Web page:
Letter to Earl continues:
Dick Hieter goes back to work but he had to notify the draft board that they would not accept him at the Great Lakes so I bet he will be drafted into the Army.
"The sailors on ships plying the Great Lakes come under Class IV. They are, therefore, far removed from the first call."

"It must be borne in mind that the grain-carriers on the Great Lakes are indispensable for the feeding of the nation, and their crews are employed in a vocation necessary to the pursuance of the war."
Read more about the Draft here.

Up next: the dead woman.

More characters on flickr.

Sunday, May 13, 2012


"hit the road"  3 x 3 inches, acrylic on photopaper.

In the previous post there was one sentence regarding Clara Ehler. I didn't have a painting done yet, I just finished it tonight. But the fact that the farm belonged to a woman, and had to be rented intrigued me. I wanted to learn more.

It's amazing what you can find when doing simple research on the internet. Just using I found out that, in 1930, Clara was married to Roy Ehler and had two children: Mata age 14 and Frances age 6. They also lived with her mother, Ella Jordan. This was a predominately German community. They had a laborer living with them as well, named Otis Ayers. In Earl's letter (1943) his mother claimed that Clara Ehler's farm was being rented. In I found out why:
Clara Ehler Files Suit For Divorce

Charging neglect and cruelty, Clara Ehler filed petition in common pleas court against Roy Ehler, seeking a divorce and custody of a minor child.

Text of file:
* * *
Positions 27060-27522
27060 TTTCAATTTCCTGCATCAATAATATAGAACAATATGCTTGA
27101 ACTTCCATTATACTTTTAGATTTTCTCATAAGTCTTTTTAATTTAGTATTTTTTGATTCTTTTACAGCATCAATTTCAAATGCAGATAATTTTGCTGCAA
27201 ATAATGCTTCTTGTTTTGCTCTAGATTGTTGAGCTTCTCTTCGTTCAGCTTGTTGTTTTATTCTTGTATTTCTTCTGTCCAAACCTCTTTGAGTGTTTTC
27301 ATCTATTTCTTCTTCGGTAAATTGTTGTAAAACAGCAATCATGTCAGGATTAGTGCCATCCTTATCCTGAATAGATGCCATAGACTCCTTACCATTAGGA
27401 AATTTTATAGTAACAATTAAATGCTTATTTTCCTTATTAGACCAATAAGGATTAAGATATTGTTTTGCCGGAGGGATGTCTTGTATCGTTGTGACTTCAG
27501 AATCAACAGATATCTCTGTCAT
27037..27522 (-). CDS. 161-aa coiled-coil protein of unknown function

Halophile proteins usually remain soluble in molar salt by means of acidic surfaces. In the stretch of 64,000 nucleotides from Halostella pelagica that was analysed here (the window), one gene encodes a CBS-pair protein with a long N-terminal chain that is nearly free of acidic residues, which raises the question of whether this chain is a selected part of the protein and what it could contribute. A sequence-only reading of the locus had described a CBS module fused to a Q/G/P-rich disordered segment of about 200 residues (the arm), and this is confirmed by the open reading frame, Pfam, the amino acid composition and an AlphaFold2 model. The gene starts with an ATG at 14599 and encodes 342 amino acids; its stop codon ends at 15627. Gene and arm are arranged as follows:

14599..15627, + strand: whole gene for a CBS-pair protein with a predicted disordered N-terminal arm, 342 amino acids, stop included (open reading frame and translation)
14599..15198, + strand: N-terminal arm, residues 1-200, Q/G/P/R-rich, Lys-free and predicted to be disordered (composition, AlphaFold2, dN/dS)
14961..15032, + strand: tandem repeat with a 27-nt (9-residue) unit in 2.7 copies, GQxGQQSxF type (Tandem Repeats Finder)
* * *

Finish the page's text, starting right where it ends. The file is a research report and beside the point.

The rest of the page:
A restraining order was issued at the request of the plaintiff prohibiting Ehler from entering the premises, a farm in Twin township, or disposing of property either chattels or real.

~ Hamilton Daily News Journal, September 17, 1940

I guess by the time of the divorce Mata was already 24 years old, so Clara just sought custody of her youngest daughter.

Clara Ehler lived to be 97 years old and died in Dayton, Ohio.

Friday, May 11, 2012


"what i heard tonight" 3 x 3 inches, acrylic on photopaper.

Letter to Earl continues: 
Well I heard Mrs. McKee tell Effie Wikle tonight that Lowell and Merriel both were examined and classed and placed in 1A. You see how farmer boys are kept out of the draft. Lowell has Clara Ehler's farm rented just as the past summer and don't know if that will make any difference. Merriel works in Dayton. 
"kept out of the draft" 3 x 3 inches, acrylic on photopaper.

Up next: more farmers get called to the draft.

Cast of characters on flickr.

Monday, May 7, 2012


"he don't tell us much" 3 x 3 inches, acrylic on photopaper.

Letter to Earl continues:
He told some of this news to Young. He don't tell us much. Jose asked me today what I thought and if I blamed them if they had a sale. She said Reitz was supposed to come about the sale but he had not come up yet.

"and i don't blame them" 3 x 3 inches, acrylic on photopaper.

Up next: a fine pair of 1A classified soldiers and the town gossips.

More characters on flickr.

Sunday, May 6, 2012


"he would keep his horse, a wagon and a manure spreader" 3 x 3 inches, acrylic on photopaper.

Letter to Earl continues:
Bud talks about having sale next month and then Forest Krietzer is going to farm for him. Jose had to help so much in the corn this fall that you can't blame him for letting someone else worry about his farming work. He would keep his horse, a wagon and a manure spreader.
Up next: who will sell the farm?

See all the Letter to Earl characters so far on flickr